Today I got to witness a Naturalization Ceremony on the shores of Lake MacDonald in Glacier National Park. The ceremony is one of more than 100 ceremonies taking place in 2016 for the National Park Service's 100th anniversary.
Today 11 new citizens took the Naturalization Oath and celebrated the conclusion of their journey to officially become Americans. The oath reads:
Watching these people from Belarus, Canada, Chad, Germany, Mexico, the Philippines and Ukraine take the oath I couldn't help but think of my father.
My father was born in Canada in 1945. When he was a young man, he decided to join the United States Marine Corps and served one tour of duty in the Vietnam War between 1965-66. I don't know all the rules, but apparently, after military service of this nature, one is eligible for American citizenship. But for some reason, and I never asked, he didn't apply until I was in high school.
This was kind of fun for me because I was studying American History and Dad was learning the materials from the Daughters of the American Revolution preparing for the test. I remember studying together and being so excited to see how he would do on the test. And yes, I really was that much a geek...I liked tests...gasp. Anyways. Test day came, and we all went with him. He was called in for the exam and we waved goodbye and waited. And waited. I don't remember how long we were there, but it seemed to take forever. Finally he came out to tell us he had passed. But that wasn't enough for me, I wanted to know his score.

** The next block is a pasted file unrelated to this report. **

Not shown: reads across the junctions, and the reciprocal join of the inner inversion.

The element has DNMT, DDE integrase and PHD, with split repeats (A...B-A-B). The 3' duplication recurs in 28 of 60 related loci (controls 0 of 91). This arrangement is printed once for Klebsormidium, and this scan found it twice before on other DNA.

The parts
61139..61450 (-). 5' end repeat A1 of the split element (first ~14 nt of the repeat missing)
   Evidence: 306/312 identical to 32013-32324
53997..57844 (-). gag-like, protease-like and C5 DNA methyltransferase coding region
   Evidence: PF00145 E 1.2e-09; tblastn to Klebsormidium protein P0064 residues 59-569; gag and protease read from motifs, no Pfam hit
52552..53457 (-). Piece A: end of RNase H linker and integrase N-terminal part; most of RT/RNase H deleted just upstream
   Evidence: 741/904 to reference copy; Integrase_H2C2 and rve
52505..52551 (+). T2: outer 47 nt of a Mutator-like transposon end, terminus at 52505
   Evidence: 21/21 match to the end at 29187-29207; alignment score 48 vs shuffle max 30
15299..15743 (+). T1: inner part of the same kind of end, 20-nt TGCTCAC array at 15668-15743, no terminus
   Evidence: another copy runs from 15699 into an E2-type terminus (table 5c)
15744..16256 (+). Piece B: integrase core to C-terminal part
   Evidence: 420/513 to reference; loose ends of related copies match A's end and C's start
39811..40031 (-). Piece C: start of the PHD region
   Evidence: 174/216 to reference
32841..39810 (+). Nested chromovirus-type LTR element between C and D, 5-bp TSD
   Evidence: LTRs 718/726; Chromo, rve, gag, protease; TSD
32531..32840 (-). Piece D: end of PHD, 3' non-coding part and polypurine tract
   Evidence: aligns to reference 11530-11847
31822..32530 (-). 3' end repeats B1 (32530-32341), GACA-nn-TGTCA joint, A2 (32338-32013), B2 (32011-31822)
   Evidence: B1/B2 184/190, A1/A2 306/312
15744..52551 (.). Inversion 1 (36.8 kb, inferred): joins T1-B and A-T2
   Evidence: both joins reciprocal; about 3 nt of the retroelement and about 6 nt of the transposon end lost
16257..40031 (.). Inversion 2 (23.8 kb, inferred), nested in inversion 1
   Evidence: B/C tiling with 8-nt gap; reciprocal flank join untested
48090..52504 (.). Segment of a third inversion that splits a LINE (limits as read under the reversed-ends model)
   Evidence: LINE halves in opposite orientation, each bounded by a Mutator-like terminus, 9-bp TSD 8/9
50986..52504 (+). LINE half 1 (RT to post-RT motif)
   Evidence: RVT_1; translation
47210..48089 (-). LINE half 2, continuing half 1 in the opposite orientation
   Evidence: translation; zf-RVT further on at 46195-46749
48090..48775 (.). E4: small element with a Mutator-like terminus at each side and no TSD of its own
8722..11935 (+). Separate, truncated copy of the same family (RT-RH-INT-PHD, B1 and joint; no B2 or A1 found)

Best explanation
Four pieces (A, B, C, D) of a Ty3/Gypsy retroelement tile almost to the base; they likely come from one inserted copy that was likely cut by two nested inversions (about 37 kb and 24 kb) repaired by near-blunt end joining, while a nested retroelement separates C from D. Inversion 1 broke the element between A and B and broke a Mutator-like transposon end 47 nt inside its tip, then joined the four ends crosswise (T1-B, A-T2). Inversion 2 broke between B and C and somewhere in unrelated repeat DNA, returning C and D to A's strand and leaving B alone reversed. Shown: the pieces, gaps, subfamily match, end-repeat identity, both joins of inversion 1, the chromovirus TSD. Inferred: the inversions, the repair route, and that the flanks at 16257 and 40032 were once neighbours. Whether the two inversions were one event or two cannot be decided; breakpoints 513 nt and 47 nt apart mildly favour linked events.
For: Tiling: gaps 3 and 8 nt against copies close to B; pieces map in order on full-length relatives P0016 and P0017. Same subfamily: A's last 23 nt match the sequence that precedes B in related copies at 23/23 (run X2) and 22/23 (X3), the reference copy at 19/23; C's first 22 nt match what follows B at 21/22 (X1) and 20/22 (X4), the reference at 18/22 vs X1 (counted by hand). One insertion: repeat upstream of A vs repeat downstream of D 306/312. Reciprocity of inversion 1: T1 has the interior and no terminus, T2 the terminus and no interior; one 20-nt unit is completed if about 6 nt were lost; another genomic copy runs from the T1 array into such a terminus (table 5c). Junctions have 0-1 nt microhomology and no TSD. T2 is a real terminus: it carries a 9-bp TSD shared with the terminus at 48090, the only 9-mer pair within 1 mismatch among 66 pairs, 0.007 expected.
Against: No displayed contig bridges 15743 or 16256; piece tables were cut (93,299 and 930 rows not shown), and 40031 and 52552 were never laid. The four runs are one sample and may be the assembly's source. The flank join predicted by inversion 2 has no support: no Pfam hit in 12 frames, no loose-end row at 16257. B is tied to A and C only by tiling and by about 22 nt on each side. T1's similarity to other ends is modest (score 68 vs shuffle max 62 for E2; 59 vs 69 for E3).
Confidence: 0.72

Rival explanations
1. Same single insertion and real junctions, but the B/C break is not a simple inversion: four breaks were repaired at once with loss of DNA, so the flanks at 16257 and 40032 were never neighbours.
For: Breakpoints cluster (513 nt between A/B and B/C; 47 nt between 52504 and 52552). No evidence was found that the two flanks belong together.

He didn't have one. The person administering my Dad's test was a former Army sergeant. He took one look at my Dad's military service record, said: "I see you served a tour in Vietnam." My father told him that was correct and the Army Sgt. closed Dad's file, closed out the test, extended his hand to my father and said, "Welcome to the United States of America." The two of them then spent the next hours swapping stories. At the time, I hated this, I wanted to know how Dad did after all our studying together. As an adult, I actually prefer the way this really went down.
My father kept three framed documents above his dresser in his room: his honorable discharge from the United States Marine Corps, his marriage certificate to my mother, and his American Citizenship.
Truly, my father was a man who led by example. I was an am so proud of him.
Semper Fi Dad! I miss you.